By DEBORAH BLUM - SPEAK EASY SCIENCE - PLOS BLOGS
Added: Tue, 21 Feb 2012 21:00:27 UTC
Last week, a team of researchers from Dartmouth University released a widely publicized study with the somewhat provocative title “Arsenic, Organic Foods and Brown Rice Syrup.”
The study was yet another general reminder that words like “organic” or “natural” are not synonymous with the word “safe.” But more specifically it detailed unexpected amounts of poisonous arsenic compounds in everything from infant formula to snack bars, especially compounds containing rice or sweetened with brown organic rice syrup as a healthier alternative to high fructose corn syrup.
I’ll return to the question of exact amounts later; let us just note for now that all findings were in part per billions, numbers that may raise concerns about long-term exposure but do not suggest that anyone will be dropping dead after snacking on a cereal bar.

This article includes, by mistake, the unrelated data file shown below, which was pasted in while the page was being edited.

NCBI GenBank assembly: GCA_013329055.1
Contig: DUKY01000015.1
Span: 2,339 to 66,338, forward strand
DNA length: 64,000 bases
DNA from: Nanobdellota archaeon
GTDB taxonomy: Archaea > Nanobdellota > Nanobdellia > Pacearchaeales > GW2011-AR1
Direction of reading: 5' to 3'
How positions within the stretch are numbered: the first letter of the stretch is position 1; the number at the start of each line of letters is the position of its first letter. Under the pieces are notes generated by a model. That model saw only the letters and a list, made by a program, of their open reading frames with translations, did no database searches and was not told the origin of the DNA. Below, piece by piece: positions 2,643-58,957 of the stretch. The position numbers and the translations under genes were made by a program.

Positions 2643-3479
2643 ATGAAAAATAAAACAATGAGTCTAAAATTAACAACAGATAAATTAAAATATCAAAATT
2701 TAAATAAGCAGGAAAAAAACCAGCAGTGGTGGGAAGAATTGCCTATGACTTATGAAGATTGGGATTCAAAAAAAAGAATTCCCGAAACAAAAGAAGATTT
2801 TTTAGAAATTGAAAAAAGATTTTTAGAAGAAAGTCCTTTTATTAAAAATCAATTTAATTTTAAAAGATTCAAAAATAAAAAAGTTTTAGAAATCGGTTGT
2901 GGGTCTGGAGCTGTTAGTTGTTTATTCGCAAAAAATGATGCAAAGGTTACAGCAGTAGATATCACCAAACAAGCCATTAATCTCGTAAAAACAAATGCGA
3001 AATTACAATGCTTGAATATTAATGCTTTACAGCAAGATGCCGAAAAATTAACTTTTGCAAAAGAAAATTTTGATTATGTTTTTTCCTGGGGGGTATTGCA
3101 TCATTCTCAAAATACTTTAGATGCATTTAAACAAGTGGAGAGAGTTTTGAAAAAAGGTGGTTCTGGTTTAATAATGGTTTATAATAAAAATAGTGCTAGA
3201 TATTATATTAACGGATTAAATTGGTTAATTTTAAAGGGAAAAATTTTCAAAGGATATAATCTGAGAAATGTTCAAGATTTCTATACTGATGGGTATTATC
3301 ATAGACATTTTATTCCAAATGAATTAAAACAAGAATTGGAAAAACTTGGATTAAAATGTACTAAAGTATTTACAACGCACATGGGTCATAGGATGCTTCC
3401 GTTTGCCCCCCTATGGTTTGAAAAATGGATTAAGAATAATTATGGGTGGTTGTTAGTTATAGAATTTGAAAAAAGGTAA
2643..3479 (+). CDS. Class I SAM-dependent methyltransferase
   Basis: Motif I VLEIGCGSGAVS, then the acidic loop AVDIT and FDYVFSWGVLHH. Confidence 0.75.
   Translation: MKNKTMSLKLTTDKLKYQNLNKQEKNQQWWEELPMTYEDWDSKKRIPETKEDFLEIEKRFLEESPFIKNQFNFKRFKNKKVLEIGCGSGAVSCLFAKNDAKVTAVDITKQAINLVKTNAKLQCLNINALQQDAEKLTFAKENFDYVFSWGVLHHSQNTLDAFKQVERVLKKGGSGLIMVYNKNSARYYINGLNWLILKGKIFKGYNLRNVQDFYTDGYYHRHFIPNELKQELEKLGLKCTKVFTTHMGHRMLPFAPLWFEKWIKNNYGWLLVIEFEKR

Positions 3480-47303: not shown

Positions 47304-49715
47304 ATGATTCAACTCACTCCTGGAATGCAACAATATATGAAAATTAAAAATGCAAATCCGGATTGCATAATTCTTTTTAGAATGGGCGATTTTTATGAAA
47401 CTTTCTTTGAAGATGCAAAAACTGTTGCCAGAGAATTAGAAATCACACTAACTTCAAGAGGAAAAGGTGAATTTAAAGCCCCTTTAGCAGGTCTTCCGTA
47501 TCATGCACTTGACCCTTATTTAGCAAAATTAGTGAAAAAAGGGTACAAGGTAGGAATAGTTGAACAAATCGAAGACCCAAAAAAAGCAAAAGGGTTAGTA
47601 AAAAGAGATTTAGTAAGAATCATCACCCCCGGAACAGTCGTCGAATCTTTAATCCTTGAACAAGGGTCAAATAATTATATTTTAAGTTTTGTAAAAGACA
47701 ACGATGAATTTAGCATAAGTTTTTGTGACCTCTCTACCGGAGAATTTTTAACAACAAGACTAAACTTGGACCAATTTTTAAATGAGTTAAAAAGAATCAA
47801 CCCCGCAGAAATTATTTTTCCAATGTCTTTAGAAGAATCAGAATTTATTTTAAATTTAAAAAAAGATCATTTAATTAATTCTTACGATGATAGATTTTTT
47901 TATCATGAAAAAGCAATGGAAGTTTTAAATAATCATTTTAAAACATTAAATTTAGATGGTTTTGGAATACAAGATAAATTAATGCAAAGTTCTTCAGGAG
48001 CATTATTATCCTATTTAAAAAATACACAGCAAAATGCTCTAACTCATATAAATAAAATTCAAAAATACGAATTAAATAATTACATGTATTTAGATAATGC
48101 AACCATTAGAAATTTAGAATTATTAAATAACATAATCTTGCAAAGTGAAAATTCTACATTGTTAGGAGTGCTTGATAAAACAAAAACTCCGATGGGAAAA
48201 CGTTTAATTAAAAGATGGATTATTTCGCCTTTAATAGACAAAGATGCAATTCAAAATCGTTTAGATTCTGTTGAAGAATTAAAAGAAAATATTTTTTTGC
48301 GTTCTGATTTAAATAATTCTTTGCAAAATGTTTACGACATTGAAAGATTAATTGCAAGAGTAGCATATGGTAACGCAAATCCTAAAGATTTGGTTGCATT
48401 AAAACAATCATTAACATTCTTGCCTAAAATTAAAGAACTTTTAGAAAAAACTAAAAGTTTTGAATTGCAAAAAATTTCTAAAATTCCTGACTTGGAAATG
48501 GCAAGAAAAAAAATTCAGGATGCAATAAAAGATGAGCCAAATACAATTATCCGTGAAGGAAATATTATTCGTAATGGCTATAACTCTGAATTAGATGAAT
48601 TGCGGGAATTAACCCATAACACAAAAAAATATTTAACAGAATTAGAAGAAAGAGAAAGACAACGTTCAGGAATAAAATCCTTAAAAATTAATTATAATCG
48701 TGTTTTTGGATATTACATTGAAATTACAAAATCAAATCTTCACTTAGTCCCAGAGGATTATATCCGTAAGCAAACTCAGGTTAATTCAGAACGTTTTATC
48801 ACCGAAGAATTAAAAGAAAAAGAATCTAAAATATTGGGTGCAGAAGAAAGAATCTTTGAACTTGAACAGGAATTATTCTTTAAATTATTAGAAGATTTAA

The more interesting immediate question anyway, at least to me, was: why were Dartmouth chemist Brian Jackson and his colleagues looking for arsenic in these supposedly healthy products at all? I rapidly discovered though that I just hadn’t been paying attention. They were simply following up on an issue well known in health science, a body of work establishing a troubling connection between rice and arsenic in the food supply.
In fact, my use of the word “unexpected” probably is more accurate in describing dismayed public reaction to the results. The authors of the new study emphasized that their working hypothesis, from the start, was that brown rice syrup would introduce arsenic into these foods.
So why rice in particular?